An excellent strategy is to team up with a friend who is equally as motivated as you. Make a plan for what you're going to do each session, and have an agreement that you will NOT commiserate and let each other off the hook when the going gets tough!

Meet regularly (3 times a week is ideal) and work out together, perhaps taking turns coaching and encouraging each other through the exercises you've planned for that session.

Again, I can't stress enough that theory will get you nowhere, you must be willing to do the work necessary to get stronger. But if you have a goal in sight, that can be a huge motivator!

If you continue with your weight loss plan, get regular aerobic exercise (on or off your dance pole) to help burn fat, work on building your muscle strength before you attempt spins and tricks, and perhaps try one of the pole grip products mentioned above when you're ready, you're sure to make progress.

Here are a couple of other Pole Fitness questions I've answered recently that you might find helpful:

Exercises to help build strength off the pole
Use cardio AND strength training to help lose weight

Keep in mind that it's not going to happen overnight, but you will see changes over time. Remember to celebrate the milestones! Maybe write down what you're able to do today, and what your goals are in a month. Then check back, update your diary, record your successes, then set new goals. Tracking your progress is another key to success.

Hang In There (no pun intended!) cont'd
by: Susan from PDFF

And finally, you mention that you need classes and help!

While some people can learn easily on their own at home, others can really benefit from some expert coaching. I tell my students that it's all in the details. Often, it's just knowing how to grip the pole, where to put your foot, or some other seemingly insignificant detail that makes all the difference.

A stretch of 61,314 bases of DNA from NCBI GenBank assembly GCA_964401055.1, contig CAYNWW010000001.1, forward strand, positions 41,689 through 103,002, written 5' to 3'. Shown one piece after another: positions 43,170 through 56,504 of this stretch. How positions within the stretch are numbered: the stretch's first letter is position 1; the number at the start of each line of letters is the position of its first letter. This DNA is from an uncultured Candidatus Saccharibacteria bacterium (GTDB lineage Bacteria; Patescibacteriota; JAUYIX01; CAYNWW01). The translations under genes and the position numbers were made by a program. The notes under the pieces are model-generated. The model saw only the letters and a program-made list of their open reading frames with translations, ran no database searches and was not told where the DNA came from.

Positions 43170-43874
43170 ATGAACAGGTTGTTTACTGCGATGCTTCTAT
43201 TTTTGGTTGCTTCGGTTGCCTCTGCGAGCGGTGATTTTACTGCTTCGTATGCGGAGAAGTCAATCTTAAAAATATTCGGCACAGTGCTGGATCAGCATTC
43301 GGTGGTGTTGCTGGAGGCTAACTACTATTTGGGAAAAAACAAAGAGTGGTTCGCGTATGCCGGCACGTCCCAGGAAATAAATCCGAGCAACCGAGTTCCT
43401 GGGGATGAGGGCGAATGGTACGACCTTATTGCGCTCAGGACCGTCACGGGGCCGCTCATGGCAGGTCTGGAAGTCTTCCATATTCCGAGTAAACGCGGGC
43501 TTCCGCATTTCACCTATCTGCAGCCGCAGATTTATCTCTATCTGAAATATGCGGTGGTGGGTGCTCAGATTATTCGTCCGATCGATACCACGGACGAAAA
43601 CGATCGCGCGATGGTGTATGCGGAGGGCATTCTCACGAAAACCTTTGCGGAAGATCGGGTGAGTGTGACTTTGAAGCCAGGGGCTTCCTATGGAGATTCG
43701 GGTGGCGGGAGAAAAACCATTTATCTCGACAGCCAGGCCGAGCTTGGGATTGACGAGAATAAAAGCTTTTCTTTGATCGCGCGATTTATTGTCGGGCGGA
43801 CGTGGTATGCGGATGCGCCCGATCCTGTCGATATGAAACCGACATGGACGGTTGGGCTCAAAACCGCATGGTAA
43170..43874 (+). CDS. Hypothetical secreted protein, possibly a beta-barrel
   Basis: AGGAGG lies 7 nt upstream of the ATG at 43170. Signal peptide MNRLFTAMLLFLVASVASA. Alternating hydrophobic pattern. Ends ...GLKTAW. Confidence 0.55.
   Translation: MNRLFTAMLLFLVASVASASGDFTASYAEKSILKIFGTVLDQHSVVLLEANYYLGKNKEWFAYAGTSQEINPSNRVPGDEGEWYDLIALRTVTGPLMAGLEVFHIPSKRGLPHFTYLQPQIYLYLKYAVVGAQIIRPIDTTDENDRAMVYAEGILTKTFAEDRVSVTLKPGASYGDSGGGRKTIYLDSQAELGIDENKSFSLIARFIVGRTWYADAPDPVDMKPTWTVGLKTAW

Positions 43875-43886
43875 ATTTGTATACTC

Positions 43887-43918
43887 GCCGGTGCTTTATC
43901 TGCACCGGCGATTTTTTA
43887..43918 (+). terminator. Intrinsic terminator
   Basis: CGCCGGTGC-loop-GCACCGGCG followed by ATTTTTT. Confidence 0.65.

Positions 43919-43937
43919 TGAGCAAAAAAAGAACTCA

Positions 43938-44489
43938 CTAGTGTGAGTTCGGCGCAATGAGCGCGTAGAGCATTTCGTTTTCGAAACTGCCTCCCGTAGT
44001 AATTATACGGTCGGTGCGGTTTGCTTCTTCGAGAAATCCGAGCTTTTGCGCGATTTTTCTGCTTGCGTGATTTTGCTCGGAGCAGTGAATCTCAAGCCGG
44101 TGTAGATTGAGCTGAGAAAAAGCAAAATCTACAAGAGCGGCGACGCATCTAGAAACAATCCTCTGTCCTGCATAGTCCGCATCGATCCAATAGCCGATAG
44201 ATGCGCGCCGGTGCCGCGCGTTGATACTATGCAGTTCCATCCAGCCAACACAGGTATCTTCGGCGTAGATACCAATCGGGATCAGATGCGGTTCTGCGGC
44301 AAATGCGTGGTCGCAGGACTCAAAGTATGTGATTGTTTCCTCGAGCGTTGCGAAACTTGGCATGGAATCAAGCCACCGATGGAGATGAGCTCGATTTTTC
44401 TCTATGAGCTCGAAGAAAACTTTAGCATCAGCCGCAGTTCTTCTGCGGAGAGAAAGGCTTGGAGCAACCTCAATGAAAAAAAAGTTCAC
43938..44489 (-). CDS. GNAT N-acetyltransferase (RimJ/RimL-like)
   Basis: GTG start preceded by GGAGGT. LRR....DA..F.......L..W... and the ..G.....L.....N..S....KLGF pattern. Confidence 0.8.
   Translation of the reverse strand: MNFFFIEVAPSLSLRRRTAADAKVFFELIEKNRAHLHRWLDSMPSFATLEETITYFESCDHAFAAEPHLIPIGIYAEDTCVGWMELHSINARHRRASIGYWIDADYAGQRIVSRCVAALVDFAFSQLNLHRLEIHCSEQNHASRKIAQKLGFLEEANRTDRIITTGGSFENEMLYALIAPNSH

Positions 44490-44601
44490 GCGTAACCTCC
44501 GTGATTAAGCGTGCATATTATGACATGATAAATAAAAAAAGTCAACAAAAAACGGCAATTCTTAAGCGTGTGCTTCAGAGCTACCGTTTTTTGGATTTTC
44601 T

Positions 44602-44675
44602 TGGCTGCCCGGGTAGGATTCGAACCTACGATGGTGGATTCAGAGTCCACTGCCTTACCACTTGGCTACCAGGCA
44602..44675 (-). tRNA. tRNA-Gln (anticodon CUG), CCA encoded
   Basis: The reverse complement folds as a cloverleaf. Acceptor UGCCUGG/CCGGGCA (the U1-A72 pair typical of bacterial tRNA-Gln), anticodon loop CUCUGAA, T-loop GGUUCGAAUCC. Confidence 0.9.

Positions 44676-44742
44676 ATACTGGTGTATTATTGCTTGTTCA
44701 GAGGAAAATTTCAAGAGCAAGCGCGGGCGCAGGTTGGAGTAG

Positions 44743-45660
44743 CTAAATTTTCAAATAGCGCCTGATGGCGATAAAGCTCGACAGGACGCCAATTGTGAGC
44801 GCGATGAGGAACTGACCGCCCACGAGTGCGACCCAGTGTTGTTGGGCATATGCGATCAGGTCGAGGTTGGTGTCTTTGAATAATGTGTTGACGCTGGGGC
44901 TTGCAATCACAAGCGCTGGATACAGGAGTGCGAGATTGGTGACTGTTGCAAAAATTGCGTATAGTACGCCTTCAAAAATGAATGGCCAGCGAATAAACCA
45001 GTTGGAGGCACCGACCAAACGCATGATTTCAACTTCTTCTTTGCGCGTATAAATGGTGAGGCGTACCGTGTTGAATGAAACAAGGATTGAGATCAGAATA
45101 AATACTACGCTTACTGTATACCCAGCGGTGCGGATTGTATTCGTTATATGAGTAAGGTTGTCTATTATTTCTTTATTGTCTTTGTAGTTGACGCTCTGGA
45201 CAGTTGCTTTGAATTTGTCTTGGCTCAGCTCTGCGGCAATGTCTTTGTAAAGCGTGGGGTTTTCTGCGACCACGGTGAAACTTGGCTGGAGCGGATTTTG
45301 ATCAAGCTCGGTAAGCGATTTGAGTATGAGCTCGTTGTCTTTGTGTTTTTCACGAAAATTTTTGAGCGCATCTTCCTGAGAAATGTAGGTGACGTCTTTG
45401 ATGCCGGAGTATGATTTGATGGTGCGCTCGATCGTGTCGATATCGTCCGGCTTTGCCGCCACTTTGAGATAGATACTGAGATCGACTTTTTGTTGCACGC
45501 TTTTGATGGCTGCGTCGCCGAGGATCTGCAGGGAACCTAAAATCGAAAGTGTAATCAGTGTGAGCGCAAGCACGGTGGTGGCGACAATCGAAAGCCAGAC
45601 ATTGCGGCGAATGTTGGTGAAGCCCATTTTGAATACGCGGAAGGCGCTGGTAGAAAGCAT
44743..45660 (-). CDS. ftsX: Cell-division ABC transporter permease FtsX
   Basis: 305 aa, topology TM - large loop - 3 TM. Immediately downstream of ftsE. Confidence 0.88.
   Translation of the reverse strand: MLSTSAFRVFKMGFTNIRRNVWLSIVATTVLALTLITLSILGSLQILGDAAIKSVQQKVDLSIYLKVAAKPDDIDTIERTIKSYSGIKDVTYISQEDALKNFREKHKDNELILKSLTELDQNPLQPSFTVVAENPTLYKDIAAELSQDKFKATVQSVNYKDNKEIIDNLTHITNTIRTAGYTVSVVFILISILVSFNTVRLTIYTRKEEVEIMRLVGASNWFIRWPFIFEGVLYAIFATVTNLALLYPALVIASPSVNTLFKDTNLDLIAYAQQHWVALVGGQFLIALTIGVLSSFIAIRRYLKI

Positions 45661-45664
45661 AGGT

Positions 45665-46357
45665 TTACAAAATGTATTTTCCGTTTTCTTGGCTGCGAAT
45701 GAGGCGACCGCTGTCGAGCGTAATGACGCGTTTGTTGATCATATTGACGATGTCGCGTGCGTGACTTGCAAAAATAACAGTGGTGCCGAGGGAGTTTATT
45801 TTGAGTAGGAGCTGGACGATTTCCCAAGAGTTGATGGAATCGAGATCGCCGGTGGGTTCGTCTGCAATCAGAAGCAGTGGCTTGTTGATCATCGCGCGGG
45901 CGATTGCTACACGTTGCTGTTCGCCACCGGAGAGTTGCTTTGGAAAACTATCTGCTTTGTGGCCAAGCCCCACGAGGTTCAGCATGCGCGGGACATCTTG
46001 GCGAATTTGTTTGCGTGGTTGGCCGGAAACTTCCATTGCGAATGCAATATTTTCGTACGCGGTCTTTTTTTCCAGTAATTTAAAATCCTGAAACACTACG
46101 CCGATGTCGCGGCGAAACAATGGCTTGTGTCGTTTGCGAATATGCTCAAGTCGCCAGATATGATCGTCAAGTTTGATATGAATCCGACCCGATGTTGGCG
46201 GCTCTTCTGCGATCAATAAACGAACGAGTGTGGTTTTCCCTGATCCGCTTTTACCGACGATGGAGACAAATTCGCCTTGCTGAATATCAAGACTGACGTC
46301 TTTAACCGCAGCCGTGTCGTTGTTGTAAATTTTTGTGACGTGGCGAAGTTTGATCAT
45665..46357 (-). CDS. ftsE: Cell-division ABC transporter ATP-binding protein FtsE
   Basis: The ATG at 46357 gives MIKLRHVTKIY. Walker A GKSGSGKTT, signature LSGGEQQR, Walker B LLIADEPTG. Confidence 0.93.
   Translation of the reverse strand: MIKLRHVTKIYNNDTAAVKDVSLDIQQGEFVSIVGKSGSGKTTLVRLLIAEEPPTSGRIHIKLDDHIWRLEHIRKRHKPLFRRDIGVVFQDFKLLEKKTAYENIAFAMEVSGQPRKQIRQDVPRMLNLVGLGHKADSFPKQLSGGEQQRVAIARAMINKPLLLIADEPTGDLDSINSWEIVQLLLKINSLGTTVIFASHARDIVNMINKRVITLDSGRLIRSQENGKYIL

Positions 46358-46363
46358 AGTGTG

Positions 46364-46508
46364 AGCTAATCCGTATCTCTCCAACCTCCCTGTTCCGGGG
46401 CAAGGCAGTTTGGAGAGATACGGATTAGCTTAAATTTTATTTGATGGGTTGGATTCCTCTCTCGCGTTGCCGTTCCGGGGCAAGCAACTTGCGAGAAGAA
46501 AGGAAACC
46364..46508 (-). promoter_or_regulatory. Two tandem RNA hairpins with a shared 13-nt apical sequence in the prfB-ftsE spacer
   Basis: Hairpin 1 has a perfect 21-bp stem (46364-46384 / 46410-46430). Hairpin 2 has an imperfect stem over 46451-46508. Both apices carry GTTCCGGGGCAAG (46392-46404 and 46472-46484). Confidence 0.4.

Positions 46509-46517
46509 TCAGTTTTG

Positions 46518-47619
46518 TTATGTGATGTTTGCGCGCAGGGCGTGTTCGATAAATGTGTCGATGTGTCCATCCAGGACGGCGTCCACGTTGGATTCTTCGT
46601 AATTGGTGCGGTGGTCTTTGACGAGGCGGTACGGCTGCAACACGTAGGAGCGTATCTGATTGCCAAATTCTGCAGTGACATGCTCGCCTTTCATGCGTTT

If you're the type of person who needs to see it, hear, and try it for yourself while someone guides and corrects you as you learn, then private or group classes will definitely be a benefit.

You can search my worldwide pole dancing directory to find a studio or instructor near you, but if you don't have a local studio there are other options.

This page provides information on the different ways you can learn to pole dance, from taking private pole dancing lessons to learning from pole dance DVDs or even a pole dancing manual. Do check out the information there as I'm sure you'll find something that will be of benefit.

I know this has turned into a very long answer Molica, so thanks for your patience! I hope you find at least some of it helpful.

Do pop back and let me know how you're making out as you progress in your pole dancing adventure. I know you can do it, and I look forward to reading your update!

I need help too...
by: Vykki

I do great in my pole lesson, but then when I'm home I struggle with a basic spin let alone inverts etc

Its really getting me down :(

Questions Welcome!
by: Susan from PDFF

Hi Vykki,

Feel free to post your specific question in a new thread, using the submission form on this page. Try to provide as much detail as possible about the challenges you're having and I'll do my best to give you some workable solutions. I look forward to hearing from you!